Also, there’s the issue of the nuclear strike on Manhattan. There is no way on Earth that the U.S.—or any other country for that matter—is going to consent to the creation of any international body that can order a nuclear strike on its territory. Just not gonna happen. Especially since there are something like nine countries which we’re pretty sure have nukes, and one of them is Israel, which is even less likely to be okay with the idea of other people being able to nuke them than the U.S. is. So given that S.H.I.E.L.D. can authorize a nuclear strike at all, it seems like it ought to be a domestic force.
But there are a few things which go the other way. For instance, the group seems to have jurisdiction just about everywhere. They pick up Banner in India, and Fury authorizes an op in Stuttgart (apparently) without even bothering to let the Germans know they’re coming. This is to say nothing about interfacing with air traffic control, but nations are usually kind of prickly about foreign military aircraft just sort of jetting around in their airspace, much less special forces groups conducting operations in their territory. If S.H.I.E.L.D. is an American entity, not an international one, this is starting to look a lot like an act of war. So on this point, it would be more convenient for S.H.I.E.L.D. to be an international group.
Clearly there’s some inconsistency here, and it’s not just us saying so. Not even the real-world Department of Defense could figure out exactly what kind of organization S.H.I.E.L.D.’s role was supposed to be (thanks to andrew in the comments for that link).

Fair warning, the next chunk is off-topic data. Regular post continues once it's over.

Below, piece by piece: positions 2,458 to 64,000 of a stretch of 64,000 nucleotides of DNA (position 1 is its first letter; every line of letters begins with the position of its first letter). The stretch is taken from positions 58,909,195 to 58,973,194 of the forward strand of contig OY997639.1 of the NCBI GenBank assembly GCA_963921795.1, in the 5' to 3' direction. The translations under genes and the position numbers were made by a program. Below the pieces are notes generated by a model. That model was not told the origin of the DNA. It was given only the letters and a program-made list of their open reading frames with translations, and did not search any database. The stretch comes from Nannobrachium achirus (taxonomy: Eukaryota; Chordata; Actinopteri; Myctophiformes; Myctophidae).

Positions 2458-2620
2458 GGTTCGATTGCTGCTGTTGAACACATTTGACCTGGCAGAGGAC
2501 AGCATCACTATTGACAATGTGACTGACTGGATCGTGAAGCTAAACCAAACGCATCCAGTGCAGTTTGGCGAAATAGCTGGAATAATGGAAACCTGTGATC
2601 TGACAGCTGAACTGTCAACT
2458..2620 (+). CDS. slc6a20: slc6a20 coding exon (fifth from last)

On balance, from a legal perspective and making allowances for artistic license, it would be better if S.H.I.E.L.D. were an American organization. Movies pretty consistently ignore what would be acts of war in the real world, even in non-speculative/comic book political and military thrillers. So if we give them a pass on that bit, the way S.H.I.E.L.D. acts a lot of the time really looks like a domestic military force. There’s still a problem though, given that The Council does appear to have members from multiple nations, but there might actually be a way of fixing that. There isn’t actually any obvious reason the U.S. couldn’t start a military force completely under domestic authority but, in a spirit of international cooperation, permit representatives from select foreign nations to participate in its operations. Given that S.H.I.E.L.D. is involved in some pretty hairy and advanced weapons R&D, this might actually be a decent way of convincing our allies to support the project, as they could exercise some control over the organization, trying to keep it focused on extra-terrestrial threats. This is, of course, not discussed in the movie at all, but there isn’t any obvious reason it couldn’t work.
We’ll be writing about The Avengers all week. In the meanwhile, go see it!